DAY 243: A DAY OF IDYLLIC TRESPASSING
For the first time in my life I have some political passion. It’s such an alien feeling I ought to go to the doctor. This badger cull has got me worked up in a fever.
Not only do the majority of MPs oppose the cull, not only do the vast majority of the public oppose it but science comprehensively slams its as a non-option for controlling TB in cattle.
And yet the government are about to go ahead with their pilot cull (starting this saturday) that will kill thousands of badgers. I feel like a seventeen year-old that has just realised that the whole political system, like, totally sucks.
Where’s the democracy? !!
Off to trespass on private property.
I have spent the weekend doing what one always does when fed up with the political system: I have been trespassing on private woodland.
Along with some animal activists (smart, like-able people, not a balaclava in sight) we have been trying to find the exact locations where the badger shooting will take place so that when it happens we can come back and protest whilst marksmen fire their guns wildly. It had occurred to me to come back wearing my badger costume but that would be foolish
It’s odd to have the conviction that because thousands of black and white creatures will die it is my right to be on someone else’s property. This is probably the same convinction that gives robbers the belief it is OK to steal from the wealthy… but never mind.
On Sunday, in the inappropriately romantic sun-shine, I wore dark coloured clothes and met up at an un-nameable lay-by with some activists I can’t identify outside a wood I won’t tell you about. We looked at detailed maps, swapped vegan snacks and went ‘sett-surveying’. This involves walking around the ‘cull-zone’ looking for badger setts (holes in the ground) and finding the ‘runs’ where the badgers leave the woodland at night to go into the open fields where they will likely meet their death by a well trained gun pointed from across the field.
At every turn sun leaked through fresh spring leaves and it was hard to imagine this would be the scene of mass killing in a few days. But such is the way of so much animal cruelty – it lies quietly in our midst, whether in the lanes of pristine supermarkets or the idyllic fields of the countryside.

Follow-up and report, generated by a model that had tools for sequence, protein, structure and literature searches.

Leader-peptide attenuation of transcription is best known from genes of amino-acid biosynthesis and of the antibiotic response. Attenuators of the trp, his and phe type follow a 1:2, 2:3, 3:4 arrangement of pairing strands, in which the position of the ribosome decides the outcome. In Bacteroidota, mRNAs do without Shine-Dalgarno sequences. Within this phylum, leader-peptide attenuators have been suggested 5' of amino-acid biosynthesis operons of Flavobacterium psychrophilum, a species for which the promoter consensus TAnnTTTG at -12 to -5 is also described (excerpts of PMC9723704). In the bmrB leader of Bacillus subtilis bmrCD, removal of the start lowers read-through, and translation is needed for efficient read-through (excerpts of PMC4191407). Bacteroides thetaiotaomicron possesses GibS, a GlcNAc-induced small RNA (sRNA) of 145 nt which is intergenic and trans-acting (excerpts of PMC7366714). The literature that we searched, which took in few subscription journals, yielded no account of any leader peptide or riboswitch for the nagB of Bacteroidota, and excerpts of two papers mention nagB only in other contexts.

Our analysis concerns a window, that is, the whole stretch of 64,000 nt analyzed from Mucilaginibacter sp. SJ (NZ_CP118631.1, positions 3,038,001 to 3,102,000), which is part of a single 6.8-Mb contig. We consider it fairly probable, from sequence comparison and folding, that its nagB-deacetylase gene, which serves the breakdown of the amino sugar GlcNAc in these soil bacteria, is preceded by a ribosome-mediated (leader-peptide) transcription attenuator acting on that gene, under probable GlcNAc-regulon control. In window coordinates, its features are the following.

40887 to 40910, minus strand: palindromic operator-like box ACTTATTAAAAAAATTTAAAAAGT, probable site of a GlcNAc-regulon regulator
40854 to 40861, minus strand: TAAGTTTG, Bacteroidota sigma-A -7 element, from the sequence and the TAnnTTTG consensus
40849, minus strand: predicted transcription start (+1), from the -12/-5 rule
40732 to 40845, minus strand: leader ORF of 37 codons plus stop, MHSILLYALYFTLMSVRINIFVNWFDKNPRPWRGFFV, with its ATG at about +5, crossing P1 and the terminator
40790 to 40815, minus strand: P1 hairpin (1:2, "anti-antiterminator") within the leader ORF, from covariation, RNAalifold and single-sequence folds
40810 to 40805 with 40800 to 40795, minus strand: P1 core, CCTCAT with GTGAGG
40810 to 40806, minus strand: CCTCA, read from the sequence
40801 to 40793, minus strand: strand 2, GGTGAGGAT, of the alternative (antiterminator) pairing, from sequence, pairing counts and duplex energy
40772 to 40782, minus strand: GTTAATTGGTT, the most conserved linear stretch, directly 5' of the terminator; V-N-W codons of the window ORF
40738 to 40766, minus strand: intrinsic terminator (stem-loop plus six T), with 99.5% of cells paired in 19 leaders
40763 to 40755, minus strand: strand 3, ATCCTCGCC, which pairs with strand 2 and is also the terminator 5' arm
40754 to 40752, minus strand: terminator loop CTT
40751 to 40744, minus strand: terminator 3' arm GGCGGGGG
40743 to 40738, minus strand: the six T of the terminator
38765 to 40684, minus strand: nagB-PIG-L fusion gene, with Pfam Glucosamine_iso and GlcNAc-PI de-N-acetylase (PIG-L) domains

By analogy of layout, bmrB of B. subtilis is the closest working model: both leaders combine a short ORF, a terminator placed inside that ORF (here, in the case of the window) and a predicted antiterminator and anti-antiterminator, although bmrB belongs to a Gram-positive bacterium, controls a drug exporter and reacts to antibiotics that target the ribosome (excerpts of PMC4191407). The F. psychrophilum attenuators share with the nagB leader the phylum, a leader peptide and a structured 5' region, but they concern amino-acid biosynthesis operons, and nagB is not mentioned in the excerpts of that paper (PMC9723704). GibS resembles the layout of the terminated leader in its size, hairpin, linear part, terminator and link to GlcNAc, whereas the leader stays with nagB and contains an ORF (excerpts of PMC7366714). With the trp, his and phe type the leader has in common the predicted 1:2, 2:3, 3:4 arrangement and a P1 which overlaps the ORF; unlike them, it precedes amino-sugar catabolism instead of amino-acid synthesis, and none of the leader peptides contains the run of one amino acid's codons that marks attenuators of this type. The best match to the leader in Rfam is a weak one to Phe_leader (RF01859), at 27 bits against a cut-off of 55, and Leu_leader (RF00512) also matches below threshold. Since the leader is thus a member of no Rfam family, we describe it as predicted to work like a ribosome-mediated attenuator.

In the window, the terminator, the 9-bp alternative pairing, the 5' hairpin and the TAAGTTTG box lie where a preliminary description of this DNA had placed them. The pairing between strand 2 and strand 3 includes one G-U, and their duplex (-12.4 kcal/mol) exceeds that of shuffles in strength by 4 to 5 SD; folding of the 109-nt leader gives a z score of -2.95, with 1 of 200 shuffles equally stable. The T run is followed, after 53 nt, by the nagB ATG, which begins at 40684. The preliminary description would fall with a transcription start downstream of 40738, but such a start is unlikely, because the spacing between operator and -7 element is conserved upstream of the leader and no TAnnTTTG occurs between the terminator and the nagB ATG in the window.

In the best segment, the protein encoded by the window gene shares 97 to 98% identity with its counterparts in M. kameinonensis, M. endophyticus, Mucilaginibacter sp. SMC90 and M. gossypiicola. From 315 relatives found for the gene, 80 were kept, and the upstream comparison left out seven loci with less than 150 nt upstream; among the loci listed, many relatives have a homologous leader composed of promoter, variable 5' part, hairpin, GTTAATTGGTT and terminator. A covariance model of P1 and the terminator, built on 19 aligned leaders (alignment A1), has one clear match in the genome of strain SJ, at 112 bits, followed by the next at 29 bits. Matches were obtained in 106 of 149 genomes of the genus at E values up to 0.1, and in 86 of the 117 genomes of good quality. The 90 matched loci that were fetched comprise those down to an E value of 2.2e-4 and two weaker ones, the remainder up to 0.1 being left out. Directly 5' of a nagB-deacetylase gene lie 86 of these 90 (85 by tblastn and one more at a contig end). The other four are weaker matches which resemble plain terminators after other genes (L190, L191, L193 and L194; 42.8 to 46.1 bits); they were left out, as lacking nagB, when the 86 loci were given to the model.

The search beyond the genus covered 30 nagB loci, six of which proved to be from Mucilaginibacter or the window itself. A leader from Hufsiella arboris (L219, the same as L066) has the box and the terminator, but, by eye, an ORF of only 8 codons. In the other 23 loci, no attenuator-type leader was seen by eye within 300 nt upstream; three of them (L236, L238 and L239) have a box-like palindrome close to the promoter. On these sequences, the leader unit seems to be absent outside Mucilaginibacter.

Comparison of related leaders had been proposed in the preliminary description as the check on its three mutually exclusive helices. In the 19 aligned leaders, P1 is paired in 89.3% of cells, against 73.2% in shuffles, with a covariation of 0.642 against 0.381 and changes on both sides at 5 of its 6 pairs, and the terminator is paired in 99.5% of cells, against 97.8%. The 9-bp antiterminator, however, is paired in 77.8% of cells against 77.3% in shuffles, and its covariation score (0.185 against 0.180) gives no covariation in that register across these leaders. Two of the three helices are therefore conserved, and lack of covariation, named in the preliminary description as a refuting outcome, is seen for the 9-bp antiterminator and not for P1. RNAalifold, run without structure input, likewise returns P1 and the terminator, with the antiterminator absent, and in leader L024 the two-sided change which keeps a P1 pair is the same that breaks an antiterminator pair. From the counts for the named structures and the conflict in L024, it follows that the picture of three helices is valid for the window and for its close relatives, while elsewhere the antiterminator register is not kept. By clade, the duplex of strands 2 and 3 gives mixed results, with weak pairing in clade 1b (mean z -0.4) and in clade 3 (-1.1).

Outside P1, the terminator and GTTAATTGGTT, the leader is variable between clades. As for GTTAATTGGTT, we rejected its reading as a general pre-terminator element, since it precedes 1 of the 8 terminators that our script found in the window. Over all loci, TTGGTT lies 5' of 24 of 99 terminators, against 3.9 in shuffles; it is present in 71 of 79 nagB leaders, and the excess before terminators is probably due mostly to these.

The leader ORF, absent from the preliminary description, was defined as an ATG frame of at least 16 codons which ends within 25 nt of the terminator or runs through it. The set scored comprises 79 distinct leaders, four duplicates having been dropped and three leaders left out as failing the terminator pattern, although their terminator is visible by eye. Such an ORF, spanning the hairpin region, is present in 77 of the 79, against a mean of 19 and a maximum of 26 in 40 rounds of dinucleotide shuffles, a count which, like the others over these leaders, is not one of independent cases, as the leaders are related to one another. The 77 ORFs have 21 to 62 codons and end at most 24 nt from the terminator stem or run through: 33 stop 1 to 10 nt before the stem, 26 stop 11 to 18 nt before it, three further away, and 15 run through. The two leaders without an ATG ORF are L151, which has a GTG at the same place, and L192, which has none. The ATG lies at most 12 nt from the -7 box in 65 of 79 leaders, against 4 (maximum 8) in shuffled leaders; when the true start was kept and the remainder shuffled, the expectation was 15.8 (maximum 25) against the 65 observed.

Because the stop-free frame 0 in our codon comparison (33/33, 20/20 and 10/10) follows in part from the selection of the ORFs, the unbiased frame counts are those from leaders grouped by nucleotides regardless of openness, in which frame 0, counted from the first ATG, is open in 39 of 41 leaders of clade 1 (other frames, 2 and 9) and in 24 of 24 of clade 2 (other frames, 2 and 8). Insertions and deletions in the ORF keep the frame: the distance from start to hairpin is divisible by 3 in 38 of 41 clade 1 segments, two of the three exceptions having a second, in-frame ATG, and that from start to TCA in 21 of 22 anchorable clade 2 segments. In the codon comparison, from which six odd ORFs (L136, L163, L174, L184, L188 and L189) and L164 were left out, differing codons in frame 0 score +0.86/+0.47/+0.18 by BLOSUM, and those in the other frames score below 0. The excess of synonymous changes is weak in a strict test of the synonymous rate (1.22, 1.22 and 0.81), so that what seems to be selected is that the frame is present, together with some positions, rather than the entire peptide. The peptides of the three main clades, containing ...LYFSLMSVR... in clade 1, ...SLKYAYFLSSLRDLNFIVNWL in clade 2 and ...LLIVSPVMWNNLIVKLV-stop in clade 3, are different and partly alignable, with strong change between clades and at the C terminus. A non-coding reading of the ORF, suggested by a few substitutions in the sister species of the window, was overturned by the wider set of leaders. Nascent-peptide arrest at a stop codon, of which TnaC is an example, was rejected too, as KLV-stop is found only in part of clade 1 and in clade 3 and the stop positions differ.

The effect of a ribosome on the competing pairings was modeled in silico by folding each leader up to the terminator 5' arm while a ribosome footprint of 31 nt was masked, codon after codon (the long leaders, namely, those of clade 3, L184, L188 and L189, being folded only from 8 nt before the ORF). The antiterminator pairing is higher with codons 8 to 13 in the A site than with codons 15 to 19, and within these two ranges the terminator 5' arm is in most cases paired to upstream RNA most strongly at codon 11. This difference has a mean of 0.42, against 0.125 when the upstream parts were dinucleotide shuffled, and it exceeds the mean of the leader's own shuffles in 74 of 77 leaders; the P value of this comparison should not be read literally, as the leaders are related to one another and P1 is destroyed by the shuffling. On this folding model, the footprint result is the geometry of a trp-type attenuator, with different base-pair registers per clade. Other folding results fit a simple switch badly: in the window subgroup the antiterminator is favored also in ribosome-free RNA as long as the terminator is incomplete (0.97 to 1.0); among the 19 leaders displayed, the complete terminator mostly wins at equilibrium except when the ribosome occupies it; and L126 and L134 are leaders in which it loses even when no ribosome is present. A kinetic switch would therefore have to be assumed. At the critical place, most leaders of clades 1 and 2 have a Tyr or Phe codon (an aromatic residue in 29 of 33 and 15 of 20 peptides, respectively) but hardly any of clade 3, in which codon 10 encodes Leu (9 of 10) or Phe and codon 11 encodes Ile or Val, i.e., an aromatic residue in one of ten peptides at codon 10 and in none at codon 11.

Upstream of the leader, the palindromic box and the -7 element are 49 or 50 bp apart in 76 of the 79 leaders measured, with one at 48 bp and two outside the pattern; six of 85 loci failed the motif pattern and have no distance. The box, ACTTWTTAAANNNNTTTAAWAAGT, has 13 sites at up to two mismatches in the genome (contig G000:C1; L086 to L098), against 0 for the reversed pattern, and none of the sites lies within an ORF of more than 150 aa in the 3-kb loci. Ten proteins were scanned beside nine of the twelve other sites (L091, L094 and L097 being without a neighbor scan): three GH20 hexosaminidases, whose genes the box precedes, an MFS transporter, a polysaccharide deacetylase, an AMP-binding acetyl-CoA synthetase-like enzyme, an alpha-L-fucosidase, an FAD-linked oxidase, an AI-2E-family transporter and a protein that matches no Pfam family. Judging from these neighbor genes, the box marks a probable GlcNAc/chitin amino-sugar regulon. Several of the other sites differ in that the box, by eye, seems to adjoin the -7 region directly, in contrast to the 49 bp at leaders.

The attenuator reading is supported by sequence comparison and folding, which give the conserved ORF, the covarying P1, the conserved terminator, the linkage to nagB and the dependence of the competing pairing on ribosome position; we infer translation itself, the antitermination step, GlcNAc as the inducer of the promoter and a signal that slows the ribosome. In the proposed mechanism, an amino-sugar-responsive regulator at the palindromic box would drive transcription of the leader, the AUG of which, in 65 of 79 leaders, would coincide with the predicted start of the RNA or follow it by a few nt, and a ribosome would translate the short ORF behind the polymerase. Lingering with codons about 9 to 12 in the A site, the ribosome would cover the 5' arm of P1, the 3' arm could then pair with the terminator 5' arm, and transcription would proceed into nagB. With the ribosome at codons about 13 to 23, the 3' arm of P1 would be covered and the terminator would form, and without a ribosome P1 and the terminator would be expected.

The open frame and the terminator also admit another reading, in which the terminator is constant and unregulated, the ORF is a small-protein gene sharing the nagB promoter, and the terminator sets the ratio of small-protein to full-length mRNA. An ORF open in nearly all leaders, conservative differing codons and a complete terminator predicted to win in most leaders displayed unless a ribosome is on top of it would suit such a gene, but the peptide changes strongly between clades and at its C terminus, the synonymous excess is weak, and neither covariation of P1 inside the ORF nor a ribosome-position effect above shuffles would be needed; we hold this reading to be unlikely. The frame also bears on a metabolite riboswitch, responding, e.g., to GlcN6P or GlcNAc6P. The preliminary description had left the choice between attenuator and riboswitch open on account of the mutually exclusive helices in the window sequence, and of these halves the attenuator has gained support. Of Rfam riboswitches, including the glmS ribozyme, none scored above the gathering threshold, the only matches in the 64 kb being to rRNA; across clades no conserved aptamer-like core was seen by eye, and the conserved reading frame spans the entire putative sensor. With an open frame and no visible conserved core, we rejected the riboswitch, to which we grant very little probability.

Giving up meat
I am impressed by the rigour and organisation of the activists. No one is aggressive or difficult, they are determined and passionate. So when they asked if I was vegan I wilted inside like undercooked bacon.
‘Er, no I am not’ I said, not daring to admit that I still eat the occasional bit of meat or fish…but not, er, very much. I felt like a fully clothed person turning up to a nudist camp. Or maybe a naked person turning up to a fully clothed dinner party. ‘The purpose of this year is for me to confront some of those issues’ I said, sounding unconvincing.
As we walked around the lush woodland I got talking to one of the vegan women. She was slender, extremely energetic for her age and had a tiny bit of dirt under her nails, all of which, in my simplistic mind, seemed fitting for a vegan – which is of course incredibly stupid, but its interesting how quickly prejudices crop up. But I also found her impressive and persuasive.
She posed a question to me:
‘Ask yourself this: what if a more powerful, intelligent species landed on Earth and decided to skin us, farm us and eat us. Would they have a right to do so?’
Ha! I thought. This sounds like a poor dinner table argument that can be easily countered. I looked up at the bright sun and drew upon my three years of philosophy MA studies at Edinburgh university but nothing came to me . I then looked around the silent forest. ‘No, of course not’ I said.
She didn’t need to say any more.
In that moment I decided to give up all meat for good. I don’t think it was a logical decision, rather a feeling. Something to do with the quietness of the forest that will, in a few days, become a killing zone.
I am by no means a vegan as yet, but as you know, this year is a journey.